September 2007 General Meeting photos
In July 2007, the Pi held a very successful introduction to creating Web pages, aimed at beginners, featuring iWeb 1.0. September saw us aim higher, introducing Sandvox, an inexpensive Web editing package that has won a number of design awards, and Dreamweaver, widely regarded as the most powerful and influential Web editing package ever created. In the space of a few months, Pi members could see a range of tools that have together transformed the world and brought about the biggest revolution in publishing since movable type.
Lawrence Charters handled the monthly Question and Answer session. Photo by Dick Sanderson.
During the opening Q&A session, one of the first questions was about iWeb, and the recently released iWeb 2.0. Was this new package, part of iLife ’08, a significant advance over the previous version, demonstrated in July? Lawrence Charters, the Q&A moderator, answered with a strong “yes!” and showed off a set of pages he created using iWeb 2.0. He did note, however, that he uses iWeb 2.0 for very specific tasks, and does most of his Web work using Adobe’s Dreamweaver. He also noted this was his preference rather than a requirement, as he preferred Dreamweaver’s site management tools.
Another interesting question, asked before the meeting, concerned booting from a FireWire drive. Rather than take a desktop computer for a demonstration, a member created a bootable FireWire drive, tested the drive (it booted perfectly), but found it would not boot when he reached his destination. The problem: the bootable drive was assembled on a PowerPC-based Power Mac G5, and it failed on an Intel-based MacBook. As it happens, Intel-based machines use very different boot partitions from FireWire drives, and what works for a PowerPC-based machine won’t work for an Intel-based Mac. There are ways around this, but they are complex; spelunking in Mac OS X Hints (http://www.macosxhints.com/) reveals several approaches.
Another question dealt with importing addresses into Mac OS X’s Address Book. Address Book looks innocent enough, but it is a powerful database in its own right, and can be used by a wide variety of Mac OS X programs beyond Mail. Versiontracker (http://www.versiontracker.com/) lists a huge number of utilities – commercial, shareware, and freeware – that can import data into Address Book from Excel spreadsheets, FileMaker, Netscape, Eudora, and other sources.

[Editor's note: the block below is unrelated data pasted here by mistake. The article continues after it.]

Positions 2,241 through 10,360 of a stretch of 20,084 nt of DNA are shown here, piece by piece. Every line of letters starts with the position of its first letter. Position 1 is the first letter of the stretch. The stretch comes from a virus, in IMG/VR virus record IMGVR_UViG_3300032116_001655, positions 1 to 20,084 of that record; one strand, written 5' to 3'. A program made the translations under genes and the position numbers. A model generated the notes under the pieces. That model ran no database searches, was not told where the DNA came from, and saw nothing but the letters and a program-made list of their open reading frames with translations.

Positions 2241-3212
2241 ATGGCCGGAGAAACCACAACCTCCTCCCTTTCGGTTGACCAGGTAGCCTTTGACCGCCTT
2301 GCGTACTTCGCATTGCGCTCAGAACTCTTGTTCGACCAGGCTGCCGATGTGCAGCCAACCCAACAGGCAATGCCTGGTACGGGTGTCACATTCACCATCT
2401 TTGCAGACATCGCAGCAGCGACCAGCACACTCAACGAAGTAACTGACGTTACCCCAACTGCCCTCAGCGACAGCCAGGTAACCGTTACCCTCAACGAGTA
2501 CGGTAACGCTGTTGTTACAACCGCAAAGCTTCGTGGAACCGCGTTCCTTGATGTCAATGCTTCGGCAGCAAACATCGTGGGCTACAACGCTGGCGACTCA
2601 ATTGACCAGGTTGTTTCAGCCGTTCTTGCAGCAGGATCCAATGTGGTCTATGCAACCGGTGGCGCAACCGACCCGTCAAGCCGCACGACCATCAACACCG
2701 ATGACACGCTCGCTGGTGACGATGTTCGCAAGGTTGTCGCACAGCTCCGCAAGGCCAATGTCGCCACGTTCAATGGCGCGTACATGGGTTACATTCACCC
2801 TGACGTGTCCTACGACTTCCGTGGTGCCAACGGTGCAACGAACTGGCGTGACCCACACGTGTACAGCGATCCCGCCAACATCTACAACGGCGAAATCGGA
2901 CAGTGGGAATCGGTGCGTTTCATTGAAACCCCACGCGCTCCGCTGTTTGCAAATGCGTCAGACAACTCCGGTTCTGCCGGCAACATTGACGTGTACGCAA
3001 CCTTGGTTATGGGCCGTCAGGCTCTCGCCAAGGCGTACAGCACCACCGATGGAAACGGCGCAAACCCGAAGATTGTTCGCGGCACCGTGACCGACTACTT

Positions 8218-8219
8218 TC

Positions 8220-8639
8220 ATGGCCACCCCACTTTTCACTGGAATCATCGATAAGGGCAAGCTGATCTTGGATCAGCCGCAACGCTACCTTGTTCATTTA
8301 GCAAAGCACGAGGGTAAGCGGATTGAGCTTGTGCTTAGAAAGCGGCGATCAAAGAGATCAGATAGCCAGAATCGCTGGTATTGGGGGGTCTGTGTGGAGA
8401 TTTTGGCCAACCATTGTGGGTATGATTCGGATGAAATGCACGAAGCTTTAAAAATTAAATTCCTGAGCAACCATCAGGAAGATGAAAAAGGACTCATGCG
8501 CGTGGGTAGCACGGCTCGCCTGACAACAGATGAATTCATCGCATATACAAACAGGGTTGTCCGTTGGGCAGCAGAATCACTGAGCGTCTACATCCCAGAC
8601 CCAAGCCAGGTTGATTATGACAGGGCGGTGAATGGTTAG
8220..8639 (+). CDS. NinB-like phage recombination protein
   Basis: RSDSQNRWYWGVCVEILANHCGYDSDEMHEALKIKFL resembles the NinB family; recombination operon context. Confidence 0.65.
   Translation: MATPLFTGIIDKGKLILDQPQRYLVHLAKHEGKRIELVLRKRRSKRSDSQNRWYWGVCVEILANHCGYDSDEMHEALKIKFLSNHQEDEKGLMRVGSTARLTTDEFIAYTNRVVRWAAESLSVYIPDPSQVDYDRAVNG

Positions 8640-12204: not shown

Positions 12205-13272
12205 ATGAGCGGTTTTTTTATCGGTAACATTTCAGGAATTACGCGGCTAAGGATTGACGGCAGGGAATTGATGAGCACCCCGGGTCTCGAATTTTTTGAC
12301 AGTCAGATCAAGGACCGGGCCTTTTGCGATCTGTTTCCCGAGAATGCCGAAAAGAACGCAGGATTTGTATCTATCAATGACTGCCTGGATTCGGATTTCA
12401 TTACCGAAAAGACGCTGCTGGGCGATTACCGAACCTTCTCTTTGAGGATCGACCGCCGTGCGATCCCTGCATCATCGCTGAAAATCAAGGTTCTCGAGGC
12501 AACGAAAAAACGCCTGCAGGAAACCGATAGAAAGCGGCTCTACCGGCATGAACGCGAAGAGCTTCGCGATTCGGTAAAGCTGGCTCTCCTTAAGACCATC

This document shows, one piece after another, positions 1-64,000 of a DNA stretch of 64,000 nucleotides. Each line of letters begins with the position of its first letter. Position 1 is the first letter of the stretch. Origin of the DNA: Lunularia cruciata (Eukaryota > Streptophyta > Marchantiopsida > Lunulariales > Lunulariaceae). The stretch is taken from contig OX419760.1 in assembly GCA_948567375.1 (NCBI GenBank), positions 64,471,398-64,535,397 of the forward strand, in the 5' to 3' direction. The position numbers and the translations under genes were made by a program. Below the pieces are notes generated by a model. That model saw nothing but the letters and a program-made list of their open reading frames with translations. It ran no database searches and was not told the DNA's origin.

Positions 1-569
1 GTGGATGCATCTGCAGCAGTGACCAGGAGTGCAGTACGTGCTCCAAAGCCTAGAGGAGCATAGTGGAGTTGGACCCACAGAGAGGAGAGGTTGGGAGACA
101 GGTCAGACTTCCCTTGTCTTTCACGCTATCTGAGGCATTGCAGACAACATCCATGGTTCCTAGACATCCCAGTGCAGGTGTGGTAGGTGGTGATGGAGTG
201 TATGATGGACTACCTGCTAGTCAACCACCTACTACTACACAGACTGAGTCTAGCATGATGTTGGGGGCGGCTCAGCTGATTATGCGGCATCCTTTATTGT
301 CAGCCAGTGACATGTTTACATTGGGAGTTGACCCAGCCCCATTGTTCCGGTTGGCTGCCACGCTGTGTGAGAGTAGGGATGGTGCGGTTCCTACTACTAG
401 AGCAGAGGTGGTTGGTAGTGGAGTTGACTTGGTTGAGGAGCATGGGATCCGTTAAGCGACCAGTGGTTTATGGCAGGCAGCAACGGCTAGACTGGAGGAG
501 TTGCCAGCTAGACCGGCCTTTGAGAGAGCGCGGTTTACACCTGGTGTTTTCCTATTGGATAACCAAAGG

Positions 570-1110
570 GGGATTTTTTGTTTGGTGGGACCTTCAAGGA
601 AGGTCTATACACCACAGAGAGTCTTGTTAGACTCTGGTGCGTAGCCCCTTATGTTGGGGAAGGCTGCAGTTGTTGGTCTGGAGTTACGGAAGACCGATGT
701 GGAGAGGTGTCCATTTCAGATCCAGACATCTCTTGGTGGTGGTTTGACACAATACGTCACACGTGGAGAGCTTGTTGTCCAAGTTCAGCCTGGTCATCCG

There were a couple questions about the iPhone (short answer: it is a phone, and if you want it to function as a phone, don’t hack it; the FCC doesn’t like that) and Mac OS X 10.5, code-named “Leopard.” Lawrence expressed great hope that Leopard would be released sometime around his birthday (in October) but otherwise was mum.
After welcoming new members and visitors, Pi President Bob Jarecke reviewed a proposed change to the Pi Bylaws concerning fiscal controls. Kathleen Charters moved to accept the amendment, the motion was seconded by Marty Ditmeyer, and the amendment passed unanimously. The Bylaws are posted in full on the Pi Web site; the amendment was specific to Article XII, Section 1: http://www.wap.org/about/
Unrelated to the Bylaws but very much related to the meeting topic, Bob mentioned that the Board increased Pi member Web storage allotments in June (every member now has at least 25 MB of Web storage space). Since this increase, member Web usage has risen 40%.
Dick Rucker talked about Karelia Software's Sandvox. Photo by Dick Sanderson.
Dick Rucker, Pi Treasurer emeritus, guided the first presentation, on Karelia Software’s Sandvox. Karelia bills it as a tool for “Easy, Elegant Website Creation,” and it was a 2007 Apple Design Award nominee for “Best Mac OS X User Experience.” Sandvox is a Mac-only tool that makes excellent use of Mac OS X; users of Pages, Keynote, Numbers and (ironically) iWeb will find the interface very familiar. Karelia’s own site was built with Sandvox (http://www.karelia.com/), which should give you some inkling of what the package can do.
Rucker obviously did a great deal of preparation for the presentation, and spoke at length on his editing experience prior to Sandvox and how much better things were since he adopted the package. He also talked about Karelia extensively, including some gossip about the company founders and some ongoing disputes they have with Apple. He prepared a collection of “Sandvox Goodies,” consisting of a script to help upload pages to Pi member’s Web sites on members.wap.org, and a PDF of “Dick Rucker’s notes on Sandvox;” the goodies can be downloaded from the Pi Web site.
Dick even arranged for a limited-time Pi member discount on Sandvox. Go to Karelia’s Web site, press the “Buy Now” menu button, and type “muggle” (without quotes) into the Coupon Code box, and you’ll get a 25% discount on either Sandvox or Sandvox Pro.
Dick spent so much time talking about Sandvox that he never quite
got around to demonstrating it, but the package is a template-based graphical
Web editing package, in many ways more flexible and extensible than Apple’s iWeb,
yet not appreciably less difficult to use. Dick showed his own site, for
a chapter of The Quarter Century Wireless Association (QCWA), and the difference
is quite striking.